Harmony can be learned

30th of Jun 2011

An interview with the great Hindu Sri Sri Ravi Shankar about breathing techniques, atheists and religiously motivated conflicts. 
By Evelyn Finger

 

DIE ZEIT: Your Holiness, Mr. Shankar, you are famous for your serenity. You even made a philosophy of life out of it that you impart in your courses. What do you do when you feel stressed?

Sri Sri Ravi Shankar: Honestly, I dropped such feelings a long time ago. I have not been stressed in the past 30 years.

DIE ZEIT: Thirty years without stress? But only recently you had a debate with radical Islamists.

Sri Sri: Yes, and I also spoke at the World Economic Forum.

DIE ZEIT: Can you tell us which techniques you practised with the fundamentalists and the business leaders?

SRI SRI RAVI SHANKAR

is India’s most popular spiritual teacher and one of the world’s most famous Hindus. Born in 1956 as the son of a Brahman, he has become a symbol of tolerance. Together with the Dalai Lama he co-founded the International Association for Human Values.  His foundation The Art of Living is active in deprived areas around the world with 5,000 projects but also offers workshops for managers. Shankar was nominated for the Nobel Peace Prize.

Sri Sri: A technique for deep relaxation called Pranayama. It soothes the nerves and makes your mind clear. All human emotions have a certain rhythm of breath that will change as your emotions change. But if you use the Sudarshan Kriya, all patterns of sorrow, anger and pain will be replaced by softer emotions and the level of stress hormones will be reduced. For business people I advise short meditations with breathing techniques like Nadi Shodana or the Sudarshan Kriya.

DIE ZEIT: Kriya is a Sanskrit word that can be translated as ‘perfect act’. In the West, we have become familiar with this term through yoga, but you are not a yoga teacher. You could even be considered as the Hindu Pope. How would you explain Hinduism to someone who has never heard of it?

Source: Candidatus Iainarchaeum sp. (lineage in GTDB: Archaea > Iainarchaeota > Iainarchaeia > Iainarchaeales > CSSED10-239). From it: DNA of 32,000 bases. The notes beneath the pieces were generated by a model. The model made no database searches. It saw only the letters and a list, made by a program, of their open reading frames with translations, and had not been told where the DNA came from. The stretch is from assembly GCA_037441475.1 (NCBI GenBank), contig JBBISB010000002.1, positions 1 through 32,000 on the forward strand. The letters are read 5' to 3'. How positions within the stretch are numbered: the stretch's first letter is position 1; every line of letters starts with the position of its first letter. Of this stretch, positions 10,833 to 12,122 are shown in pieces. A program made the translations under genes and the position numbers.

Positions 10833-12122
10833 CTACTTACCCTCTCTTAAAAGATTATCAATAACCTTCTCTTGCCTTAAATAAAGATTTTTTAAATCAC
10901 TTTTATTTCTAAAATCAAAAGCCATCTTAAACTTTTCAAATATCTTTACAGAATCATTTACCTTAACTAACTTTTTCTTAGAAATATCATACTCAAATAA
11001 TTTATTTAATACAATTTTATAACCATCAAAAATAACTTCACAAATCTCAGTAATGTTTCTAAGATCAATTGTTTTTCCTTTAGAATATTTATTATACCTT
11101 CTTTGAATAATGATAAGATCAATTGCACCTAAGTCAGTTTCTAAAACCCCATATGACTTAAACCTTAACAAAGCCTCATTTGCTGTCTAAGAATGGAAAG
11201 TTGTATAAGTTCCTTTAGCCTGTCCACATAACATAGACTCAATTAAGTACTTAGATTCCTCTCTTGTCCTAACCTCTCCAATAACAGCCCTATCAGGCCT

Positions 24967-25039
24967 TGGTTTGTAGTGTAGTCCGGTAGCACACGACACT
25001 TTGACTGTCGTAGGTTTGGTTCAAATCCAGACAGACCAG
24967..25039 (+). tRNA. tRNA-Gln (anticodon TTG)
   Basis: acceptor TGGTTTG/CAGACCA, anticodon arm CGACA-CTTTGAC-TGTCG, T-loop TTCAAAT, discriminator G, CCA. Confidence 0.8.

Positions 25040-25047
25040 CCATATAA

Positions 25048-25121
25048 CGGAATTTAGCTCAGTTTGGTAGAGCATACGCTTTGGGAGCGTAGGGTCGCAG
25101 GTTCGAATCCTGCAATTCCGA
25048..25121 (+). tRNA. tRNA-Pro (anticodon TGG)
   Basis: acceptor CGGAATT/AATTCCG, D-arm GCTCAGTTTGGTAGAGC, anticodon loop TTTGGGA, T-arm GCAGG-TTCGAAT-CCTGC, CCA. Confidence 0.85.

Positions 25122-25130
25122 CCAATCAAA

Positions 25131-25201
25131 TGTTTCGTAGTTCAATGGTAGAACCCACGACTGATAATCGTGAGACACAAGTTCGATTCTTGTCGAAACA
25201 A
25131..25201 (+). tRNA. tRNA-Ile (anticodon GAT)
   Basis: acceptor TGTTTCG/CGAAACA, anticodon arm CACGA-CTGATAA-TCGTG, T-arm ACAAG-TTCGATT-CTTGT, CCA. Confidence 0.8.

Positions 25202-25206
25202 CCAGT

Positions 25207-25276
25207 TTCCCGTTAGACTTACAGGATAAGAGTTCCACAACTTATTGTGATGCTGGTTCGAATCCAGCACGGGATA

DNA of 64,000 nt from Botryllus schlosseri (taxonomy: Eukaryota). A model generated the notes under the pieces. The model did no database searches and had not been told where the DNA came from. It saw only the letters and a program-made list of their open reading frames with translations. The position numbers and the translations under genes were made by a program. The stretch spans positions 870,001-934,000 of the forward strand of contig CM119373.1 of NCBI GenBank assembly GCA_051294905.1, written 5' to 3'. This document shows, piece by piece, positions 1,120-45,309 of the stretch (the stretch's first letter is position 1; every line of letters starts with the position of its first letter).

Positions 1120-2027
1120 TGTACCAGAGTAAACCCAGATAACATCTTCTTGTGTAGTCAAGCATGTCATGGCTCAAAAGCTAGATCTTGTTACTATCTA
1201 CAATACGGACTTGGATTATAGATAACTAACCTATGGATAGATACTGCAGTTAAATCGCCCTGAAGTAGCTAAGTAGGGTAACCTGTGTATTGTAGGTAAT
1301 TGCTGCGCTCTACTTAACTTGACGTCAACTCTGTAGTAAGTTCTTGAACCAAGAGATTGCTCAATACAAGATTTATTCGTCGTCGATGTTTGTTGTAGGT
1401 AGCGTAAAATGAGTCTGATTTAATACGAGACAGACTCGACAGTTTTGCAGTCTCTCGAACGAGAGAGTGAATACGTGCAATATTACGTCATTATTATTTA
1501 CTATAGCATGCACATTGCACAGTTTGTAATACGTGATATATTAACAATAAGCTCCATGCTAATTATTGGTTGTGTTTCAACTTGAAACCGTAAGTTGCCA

Sri Sri: Hinduism is the oldest religion on our planet. It only has one God, the God of Love who has many names. He can be celebrated in many forms. This is the freedom of our worship.

DIE ZEIT: Hindus don’t have a conviction of faith. And we still don’t know which of the Gods is the most important – Vishnu, Brahma or Saraswati?

Sri Sri: Hinduism has many books and prophets. All that is represented in modern society is already there: freedom, independence, equal rights and even democracy.

DIE ZEIT: Why aren’t there any congregations in Hinduism?

Sri Sri: Because it’s a way of life, not an organised religion.

DIE ZEIT: What is the difference compared to all other large religions?

Sri Sri: I am not interested in the differences, but in what we have in common. We should pick the good things from all old traditions to make this world a better place. Anything that helps us become a loving and friendly person shall be put to use. As a rational person I would seek truth.

DIE ZEIT: You have written The Book of all Religions. We had always thought that each religion had its own book?

Sri Sri: All religions witness the existence of the one and absolute truth. It’s just our ignorance towards the Holy Scriptures of our neighbours that creates conflicts. With this book I wanted to convey basic understanding of the different scriptures in an effort to unite heads and hearts. Today it is called inter-religious dialogue. In early days all religions thought that only they were in possession of the truth.

DIE ZEIT: Many practitioners still think so.

Sri Sri: Because they have still not shifted from linear to spherical thinking.

DIE ZEIT: What is spherical thinking?

Sri Sri: Let’s take my trip to Berlin as an example. How do I get there?

One will advise me to travel in Western direction, one will send me eastward.  But both will claim their direction is the only one. This is linear thinking. Spherical thinking means to realize that conflicting opinions can both be correct. If you come from Hamburg, Berlin is further in the South, from Dresden it’s to the North. It all depends on your own position.